Popular Science Monthly/Volume 2/April 1873/Obituary

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OBITUARY.

Professor Matthew Fontaine Maury, whose scientific labors in the Hydrographical Office, Washington, earned for him eminent rank among savants, and were of inestimable benefit to the commerce of the world, died at Lexington, Va., February 1st, aged 67 years. At the time of his death he was Professor of Physics in the Virginia Military Institute. He was author of a "Treatise on Navigation," of a "Physical Geography of the Seas," of "Letters on the Amazon and Atlantic Slopes of South America," and other works.

The eminent French naturalist Felix Archimede Pouchet died December 6, 1872, at Rouen, in the 73d year of his age. He is best known to fame by his researches into the question of spontaneous generation, on which he held the affirmative side. He was a very voluminous writer, his principal works being on "Spontaneous Ovulation," and "The Organs of Digestion, Circulation, and Respiration." He was educated for a physician, and was for a long time professor in the Rouen School of Medicine.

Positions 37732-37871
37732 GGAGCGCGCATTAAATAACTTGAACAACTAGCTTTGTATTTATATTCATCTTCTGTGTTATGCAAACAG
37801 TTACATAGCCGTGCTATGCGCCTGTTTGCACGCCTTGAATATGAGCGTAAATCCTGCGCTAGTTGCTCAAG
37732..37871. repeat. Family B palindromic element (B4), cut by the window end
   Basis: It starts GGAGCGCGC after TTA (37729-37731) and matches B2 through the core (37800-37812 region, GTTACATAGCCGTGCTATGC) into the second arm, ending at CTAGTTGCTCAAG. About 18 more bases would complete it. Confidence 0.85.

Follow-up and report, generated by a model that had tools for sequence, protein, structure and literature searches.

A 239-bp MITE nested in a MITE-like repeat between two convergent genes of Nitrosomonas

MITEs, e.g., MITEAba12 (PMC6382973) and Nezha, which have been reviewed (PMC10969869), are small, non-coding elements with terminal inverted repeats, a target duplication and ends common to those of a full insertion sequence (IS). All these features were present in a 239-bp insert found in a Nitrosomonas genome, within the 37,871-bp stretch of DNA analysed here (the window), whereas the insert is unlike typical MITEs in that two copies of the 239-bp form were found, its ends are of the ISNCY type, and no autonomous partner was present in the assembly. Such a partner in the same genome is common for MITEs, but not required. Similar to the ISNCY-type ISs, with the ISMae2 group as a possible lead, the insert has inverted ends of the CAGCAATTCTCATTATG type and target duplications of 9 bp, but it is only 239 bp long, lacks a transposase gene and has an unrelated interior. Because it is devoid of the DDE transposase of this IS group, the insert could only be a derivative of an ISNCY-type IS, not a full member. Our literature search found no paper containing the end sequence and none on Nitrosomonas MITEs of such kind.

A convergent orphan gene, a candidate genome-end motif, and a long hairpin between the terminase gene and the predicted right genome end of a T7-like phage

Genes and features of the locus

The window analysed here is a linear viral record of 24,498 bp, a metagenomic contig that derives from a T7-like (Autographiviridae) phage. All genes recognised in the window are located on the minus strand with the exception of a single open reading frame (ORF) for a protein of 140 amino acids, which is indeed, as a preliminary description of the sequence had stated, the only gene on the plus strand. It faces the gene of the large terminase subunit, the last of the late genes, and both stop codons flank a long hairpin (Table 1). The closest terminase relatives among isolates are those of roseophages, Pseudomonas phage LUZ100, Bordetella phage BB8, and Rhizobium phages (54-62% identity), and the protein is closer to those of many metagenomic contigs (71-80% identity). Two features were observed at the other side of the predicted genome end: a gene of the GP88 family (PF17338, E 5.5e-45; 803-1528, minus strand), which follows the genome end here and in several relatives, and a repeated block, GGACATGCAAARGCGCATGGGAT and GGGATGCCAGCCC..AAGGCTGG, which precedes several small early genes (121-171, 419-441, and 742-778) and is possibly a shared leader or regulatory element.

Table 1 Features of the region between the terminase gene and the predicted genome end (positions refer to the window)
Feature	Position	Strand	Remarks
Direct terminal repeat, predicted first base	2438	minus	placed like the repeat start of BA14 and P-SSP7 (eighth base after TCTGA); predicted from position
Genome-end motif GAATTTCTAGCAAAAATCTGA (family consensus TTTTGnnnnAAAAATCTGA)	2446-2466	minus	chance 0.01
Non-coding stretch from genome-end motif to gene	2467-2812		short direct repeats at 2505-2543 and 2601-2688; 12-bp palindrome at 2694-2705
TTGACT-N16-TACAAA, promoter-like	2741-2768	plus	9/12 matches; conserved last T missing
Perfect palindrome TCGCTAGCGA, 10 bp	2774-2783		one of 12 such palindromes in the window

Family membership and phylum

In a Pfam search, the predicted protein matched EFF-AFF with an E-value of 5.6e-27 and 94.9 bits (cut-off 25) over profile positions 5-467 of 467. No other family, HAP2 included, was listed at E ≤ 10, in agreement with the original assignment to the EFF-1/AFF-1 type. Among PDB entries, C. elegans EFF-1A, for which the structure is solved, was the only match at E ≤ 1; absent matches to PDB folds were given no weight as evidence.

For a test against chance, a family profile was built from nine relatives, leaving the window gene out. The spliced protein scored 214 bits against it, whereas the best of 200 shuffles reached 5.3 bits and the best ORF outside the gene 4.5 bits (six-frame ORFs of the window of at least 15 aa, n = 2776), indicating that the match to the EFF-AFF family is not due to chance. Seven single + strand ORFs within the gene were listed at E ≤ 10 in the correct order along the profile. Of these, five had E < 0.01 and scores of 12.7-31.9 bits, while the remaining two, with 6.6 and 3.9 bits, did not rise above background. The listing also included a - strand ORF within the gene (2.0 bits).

The Rev. Adam Sedgwick, LL.D., F.R.S., F.G.S., Professor of Geology in the University of Cambridge, England, died January 27th, aged about 90 years. He long stood in the foremost rank of men of science in England, and was, both alone and with the assistance of Sir R. Murchison, the author of several works on geology. His first acknowledged publication appeared in 1822, and treated of the physical structure of the Devonshire and Cornish formations. In 1851 he was awarded the Wollaston Palladium Medal for researches into the geological structure of the British Isles, the Alps, and the Rhenish provinces. Two years before his death he resigned his professorship at Cambridge, but to the last took a warm interest in the progress of science.